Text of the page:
This is one of the most poignant and thoughtful books I've read. Paul documented his journey with a terribly illness that sprang upon him very early in life. We get to hear about his early life, his time working as a young doctor and the strains it put on his relationship. Getting a glimpse into someone else's life - not only the shiny, polished parts - is quite an honour. Paul explained that he'd always loved writing and would write if he was not a doctor. I really like how he was able to enjoy writing even though his illness was slowly taking away the most important part of his life - his work as brain surgeon. I enjoyed Paul's wisdom throughout the book - in particular how he explained that a job isn't something you do for the monetary compensation. It's something you do because it brings you meaning. Otherwise - why would anyone make holes in people's brains? A haunting thing is that Paul never got to finish his book, which shows that nothing in life is certain and you should treat each day as a gift.
Reflective, haunting, real.
Our House by Louise Candlish
I don't want to give away too many spoilers. The story is about a husband and wife who decide to split, and the events that follow this split. The book switches the conversations and experiences of the main characters between first and third person, which is an engrossing method I haven't come across before. The book is fairly long but an easy read - it had me yearning to read more at times when I'd have put other novels down. I don't know that much about what makes really good character development, but to me the characters seemed to be quite well-developed. There are some elements of the book that seem quite unrealistic, but this is just my opinion. Despite this, the book is an enjoyable read with plenty of emotions, deceit, and misfortune packed in. It's also worth it to read to the very end to see how everyone's separate deeds and doings come together.
Descriptive, thrilling, unpredictable.
My Thoughts Exactly by Lily Allen
I heard of this book after seeing it quoted on an Instagram story. The quote was about Lily losing her baby, which was a difficult thing I felt she wrote about with grace and poignancy. After beginning the book, I found it to be a whirlwind - an honest, vivid and intense account of Lily's life from early beginnings to the present. Before this book I'd known that being famous was often a difficult thing to be. This book confirmed that and does a good job of explaining why. It made me feel grateful for my relatively high level of anonymity and for the people I can trust in my life. I admit that some experiences Lily described got to me quite a lot and triggered some unpleasant feelings, but I'm sure this wouldn't happen for everyone. I'm really glad I picked the book up (well, downloaded it). In the end, it was very interesting to hear about things how Lily experienced them and not from the page of a tabloid paper.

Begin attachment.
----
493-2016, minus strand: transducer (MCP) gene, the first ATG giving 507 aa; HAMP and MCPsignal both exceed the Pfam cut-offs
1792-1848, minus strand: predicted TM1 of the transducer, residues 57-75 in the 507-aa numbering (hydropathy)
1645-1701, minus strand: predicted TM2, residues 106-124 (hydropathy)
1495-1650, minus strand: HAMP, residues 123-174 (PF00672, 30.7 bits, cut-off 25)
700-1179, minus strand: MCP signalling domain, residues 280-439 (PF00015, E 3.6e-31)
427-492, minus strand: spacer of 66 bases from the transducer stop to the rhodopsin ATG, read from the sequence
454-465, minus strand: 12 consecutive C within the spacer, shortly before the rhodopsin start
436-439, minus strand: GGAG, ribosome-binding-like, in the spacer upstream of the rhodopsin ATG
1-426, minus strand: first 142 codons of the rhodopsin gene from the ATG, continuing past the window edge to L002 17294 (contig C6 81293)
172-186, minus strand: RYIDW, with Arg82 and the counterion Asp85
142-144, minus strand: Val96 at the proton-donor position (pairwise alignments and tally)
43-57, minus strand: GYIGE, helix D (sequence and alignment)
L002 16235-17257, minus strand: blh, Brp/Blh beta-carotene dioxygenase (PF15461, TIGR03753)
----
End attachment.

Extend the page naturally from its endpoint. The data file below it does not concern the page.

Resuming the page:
Real, intense, triggering.
Up and Going by Kyle Simpson
I want to begin reading a lot more programming material and a lot of people told me this was a good place to start. The author clearly knows his stuff because he's able to explain fairly complex things in relatively few words. By the end of the book I was keen to learn more from his other books. As a fairly experiened developer, I was aware of the main concepts of JS already. However, I found out why these concepts came to be and learnt some more intricate details about them. There are a few comprehensive practical exercises to try out by yourself, and I did these in no time. I won't remember all the tips in the book, but I know it'll be easy to come back when I need to and find the information I need.
Informative, practical, introductory.
Becoming by Michelle Obama
Before beginning this book I was looking forward to hearing about Michelle's wisdom and experiences and I wasn't disappointed. I liked hearing how she grew up and about the people she grew up with. I find that quite often, people will speak of those they admire but not go into details. Michelle gave enough details about key people in her life that I almost felt I could feel them sitting next to me in the same room. I was impressed to hear about her incredibly hard work ethic. I was also intrigued at how her parents raised her - to not be afraid of hard work, to be kind to others, and to be open to people and possibilities. I like how hers and Barack Obama's personalities seem to compliment as much as clash with each other. While I may not be a parent, I share her concerns over her children's protection while living at the white house, and admire the strength she displayed in the face of so much bad and unfair press coverage.
Autobiography, strong, real.